In democratic societies, government is said to be “for the people, by the people, and of the people.” In the broadest sense, one could infer from this that governing institutions such as ours are not controlled by hereditary clans or moneyed interests, but instead are an amalgam of the interests of the general public, instituted by representatives of the public who are drawn from the population of common citizens. Take a good look at the political landscape today. Look back twenty years, thirty years, fifty years. The government we have today isn’t, and hasn’t been for some time, for the people, by the people, or of the people. It is a system filled with wealthy men and women, some from political families that span generations. It is a system of unabashed cronyism and political appointees whose only qualifications are the donations they collected. It is a system of flagrant corporate collusion that puts the profits over the people. And it is a system that is largely being abandoned by the very people it purports to represent, through their compounding apathy bred by years of stagnancy and corruption. We are losing our experiment with self-determination largely because we are failing to preserve it.

Our founding fathers held many lofty ideals regarding the state of mankind and its right and ability to self-govern. Their words are recorded in our most precious national documents and in their speeches and memoirs. Phrases like “All men are created equal,” and “…life, liberty, and the pursuit of happiness,” inspire us, but if looked at in the context of the actions of those who spoke them, it becomes obvious that the phrases and their meanings, like humanity itself, have evolved to more truly represent their empirical meanings. In 1776, all men were not equal. Equality in those days was reserved for white, male landowners. In 1776, life, liberty, and the pursuit of happiness were not applicable to blacks or Indians or any other non-European descendant. It wasn’t really for the poor either, at least not to the same degree as it was applied to the wealthier population. But words have meaning, and when words such as these are enshrined in national politics, they have a tendency to assert themselves. And in a democracy, even one with obvious limitations, these words have a way of realizing their true potential. Today’s definition of “all men are created equal” includes men of all colors and races, including women and children. And though it occurred gradually, at times even painfully slowly, it has taken the will and determination of common people to realize the dreams that words such as those promise. So it is the same with the phrase “government for the people, by the people, and of the people.”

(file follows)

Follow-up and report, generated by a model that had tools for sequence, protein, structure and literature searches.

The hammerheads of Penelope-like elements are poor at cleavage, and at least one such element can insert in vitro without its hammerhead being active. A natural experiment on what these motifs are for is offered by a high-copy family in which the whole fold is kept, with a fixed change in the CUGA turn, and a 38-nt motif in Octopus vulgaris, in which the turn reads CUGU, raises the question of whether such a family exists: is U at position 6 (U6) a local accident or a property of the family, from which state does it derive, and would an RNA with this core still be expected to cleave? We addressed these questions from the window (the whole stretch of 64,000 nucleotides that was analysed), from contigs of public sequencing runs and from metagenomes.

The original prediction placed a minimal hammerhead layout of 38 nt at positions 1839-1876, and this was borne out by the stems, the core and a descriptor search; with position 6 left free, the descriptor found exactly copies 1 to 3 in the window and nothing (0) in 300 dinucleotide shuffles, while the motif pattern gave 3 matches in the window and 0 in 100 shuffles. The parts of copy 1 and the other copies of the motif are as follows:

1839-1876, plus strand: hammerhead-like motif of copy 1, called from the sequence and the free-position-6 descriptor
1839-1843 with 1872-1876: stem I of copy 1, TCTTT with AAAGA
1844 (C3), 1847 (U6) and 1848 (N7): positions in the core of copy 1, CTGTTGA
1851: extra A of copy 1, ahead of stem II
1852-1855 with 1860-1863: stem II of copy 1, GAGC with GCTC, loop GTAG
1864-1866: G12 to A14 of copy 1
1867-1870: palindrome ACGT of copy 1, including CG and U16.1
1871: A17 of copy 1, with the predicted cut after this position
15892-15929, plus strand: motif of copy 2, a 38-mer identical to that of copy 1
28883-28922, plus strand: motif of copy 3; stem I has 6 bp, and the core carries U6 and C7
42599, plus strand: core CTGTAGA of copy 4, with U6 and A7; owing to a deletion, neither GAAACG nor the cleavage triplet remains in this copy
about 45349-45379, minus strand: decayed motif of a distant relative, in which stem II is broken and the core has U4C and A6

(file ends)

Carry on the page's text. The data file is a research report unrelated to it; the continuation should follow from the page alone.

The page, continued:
Government for the People What does this phrase mean to you? Does it mean that governmental bodies should spend their days crafting favorable legislation for their political donors? Does it mean that tax dollars collected should be diverted to meaningless studies or inefficient, bloated, or poorly managed programs? Does it mean that your elected officials should ignore their fundamental role as servant to the citizens or politicize issues that have no place in the political realm? Does it mean that government should be an exclusive club requiring the right pedigree or personal connection? Or does the phrase “government for the people” imply that any action undertaken by our governmental officials must have at its core an overwhelming public benefit, provided with the greatest efficiency and highest available quality? Perhaps the biggest problem with our government today, and I’m talking about all levels of government from the local and state levels all the way to the federal system, is that politicians no longer seem to remember that ours is supposed to be a government for the people. Instead, they use their positions of trust and influence to increase their own power base and personal wealth while helping their buddies to the public till as well. Pick up a newspaper and you’re sure to find an article a day about public officials getting charged with a crime or about an agencies fiscal undoing. Our government is no longer for the people, except for a relatively select few who get richer at the expense of the rest of the population, for the simple reason that it is no longer a government of the people.